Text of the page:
The Southampton Village Board was slated to meet Tuesday evening, November 25, but Mayor Mark Epley said it was unlikely that the board would grant any of three requested exemptions from the village’s moratorium on buildings of more than 35 feet high.
The board was scheduled to hear public comments on two of the applications Tuesday night.
Approved on October 9 by the Village Board, the moratorium puts a temporary stop to any building permits being issued for houses more than 35 feet high, even if they have already been reviewed by a planning or architectural board. Intended to allow officials time to evaluate height restrictions in light of Federal Emergency Management Agency regulations that often require homes to be built above grade to avoid flooding, the moratorium could last up to six months.
Currently, the village has a 35-foot maximum on height for new construction, but several recent applicants have sought to exceed that limit, based on the fact that FEMA requires new buildings in a floodplain to be elevated to mitigate flood risk. As a result, some proposed homes would be taller than the village limit when measured from ground level.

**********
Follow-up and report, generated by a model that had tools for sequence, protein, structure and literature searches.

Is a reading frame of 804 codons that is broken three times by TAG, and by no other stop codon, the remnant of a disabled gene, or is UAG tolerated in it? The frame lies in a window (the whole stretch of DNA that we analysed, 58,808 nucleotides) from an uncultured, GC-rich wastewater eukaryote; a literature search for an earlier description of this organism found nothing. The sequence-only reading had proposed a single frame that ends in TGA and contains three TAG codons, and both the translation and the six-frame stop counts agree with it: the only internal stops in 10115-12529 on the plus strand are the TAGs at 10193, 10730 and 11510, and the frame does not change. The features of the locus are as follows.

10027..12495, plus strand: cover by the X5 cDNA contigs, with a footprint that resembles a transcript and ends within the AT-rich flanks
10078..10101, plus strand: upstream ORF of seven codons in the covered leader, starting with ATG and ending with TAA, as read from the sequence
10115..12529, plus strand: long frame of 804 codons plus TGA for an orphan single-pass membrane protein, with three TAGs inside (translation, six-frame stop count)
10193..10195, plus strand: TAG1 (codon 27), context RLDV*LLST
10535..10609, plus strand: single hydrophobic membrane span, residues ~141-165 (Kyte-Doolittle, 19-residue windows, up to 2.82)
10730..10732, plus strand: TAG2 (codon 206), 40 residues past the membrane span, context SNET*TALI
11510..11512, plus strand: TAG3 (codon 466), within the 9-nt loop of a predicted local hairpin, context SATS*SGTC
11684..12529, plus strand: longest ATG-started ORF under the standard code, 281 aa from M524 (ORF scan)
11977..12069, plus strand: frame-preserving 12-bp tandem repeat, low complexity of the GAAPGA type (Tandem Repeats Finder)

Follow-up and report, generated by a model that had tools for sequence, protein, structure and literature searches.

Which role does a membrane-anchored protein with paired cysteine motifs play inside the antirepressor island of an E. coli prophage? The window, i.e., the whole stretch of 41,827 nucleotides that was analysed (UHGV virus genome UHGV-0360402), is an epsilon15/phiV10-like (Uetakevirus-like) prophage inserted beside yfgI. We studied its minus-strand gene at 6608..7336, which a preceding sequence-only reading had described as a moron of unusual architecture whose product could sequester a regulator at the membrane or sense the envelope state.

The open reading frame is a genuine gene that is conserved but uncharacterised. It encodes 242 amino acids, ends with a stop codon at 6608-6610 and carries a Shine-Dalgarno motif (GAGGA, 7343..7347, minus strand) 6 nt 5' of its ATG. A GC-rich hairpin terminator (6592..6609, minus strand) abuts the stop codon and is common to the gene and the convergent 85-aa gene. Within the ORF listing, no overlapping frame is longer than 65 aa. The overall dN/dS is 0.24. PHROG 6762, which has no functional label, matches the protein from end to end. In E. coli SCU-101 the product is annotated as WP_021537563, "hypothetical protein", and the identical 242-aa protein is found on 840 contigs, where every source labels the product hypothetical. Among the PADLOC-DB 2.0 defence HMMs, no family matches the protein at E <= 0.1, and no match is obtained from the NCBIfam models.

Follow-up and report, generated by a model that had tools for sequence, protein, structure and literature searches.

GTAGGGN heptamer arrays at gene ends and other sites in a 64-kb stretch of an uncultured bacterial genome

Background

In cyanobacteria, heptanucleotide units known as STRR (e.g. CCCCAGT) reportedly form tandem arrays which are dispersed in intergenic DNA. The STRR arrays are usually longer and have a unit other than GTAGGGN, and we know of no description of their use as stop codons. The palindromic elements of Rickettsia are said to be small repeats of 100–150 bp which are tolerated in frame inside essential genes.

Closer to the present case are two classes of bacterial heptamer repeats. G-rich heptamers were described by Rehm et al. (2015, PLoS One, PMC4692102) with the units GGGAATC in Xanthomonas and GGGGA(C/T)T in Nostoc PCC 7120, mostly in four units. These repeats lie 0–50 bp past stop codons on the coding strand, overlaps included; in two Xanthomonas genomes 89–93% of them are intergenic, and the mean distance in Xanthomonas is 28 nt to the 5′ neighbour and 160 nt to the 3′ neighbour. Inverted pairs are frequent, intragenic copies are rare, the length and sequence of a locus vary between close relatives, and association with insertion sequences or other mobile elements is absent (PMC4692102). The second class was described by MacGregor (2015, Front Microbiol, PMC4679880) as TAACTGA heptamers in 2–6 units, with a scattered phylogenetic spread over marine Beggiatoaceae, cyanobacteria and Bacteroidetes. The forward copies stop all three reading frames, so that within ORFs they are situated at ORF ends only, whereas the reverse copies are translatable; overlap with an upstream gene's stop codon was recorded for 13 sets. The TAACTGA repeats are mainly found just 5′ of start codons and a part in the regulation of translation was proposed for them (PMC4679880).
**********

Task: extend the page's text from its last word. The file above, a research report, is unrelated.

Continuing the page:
During the moratorium, review boards are not allowed to approve work on homes that would be higher than 35 feet with an altered flood line, or 27 feet for a flat-pitched roof. The building inspector is not authorized to grant any building permits for such homes.
The village has already heard public comments on two applications—at 450 Gin Lane and 320 Murray Place—and closed the hearing on the latter, although a decision has not been rendered. The village will hear about a third application, at 20 Gin Lane, which is a proposed 32-foot house with a 49-foot roof ridge.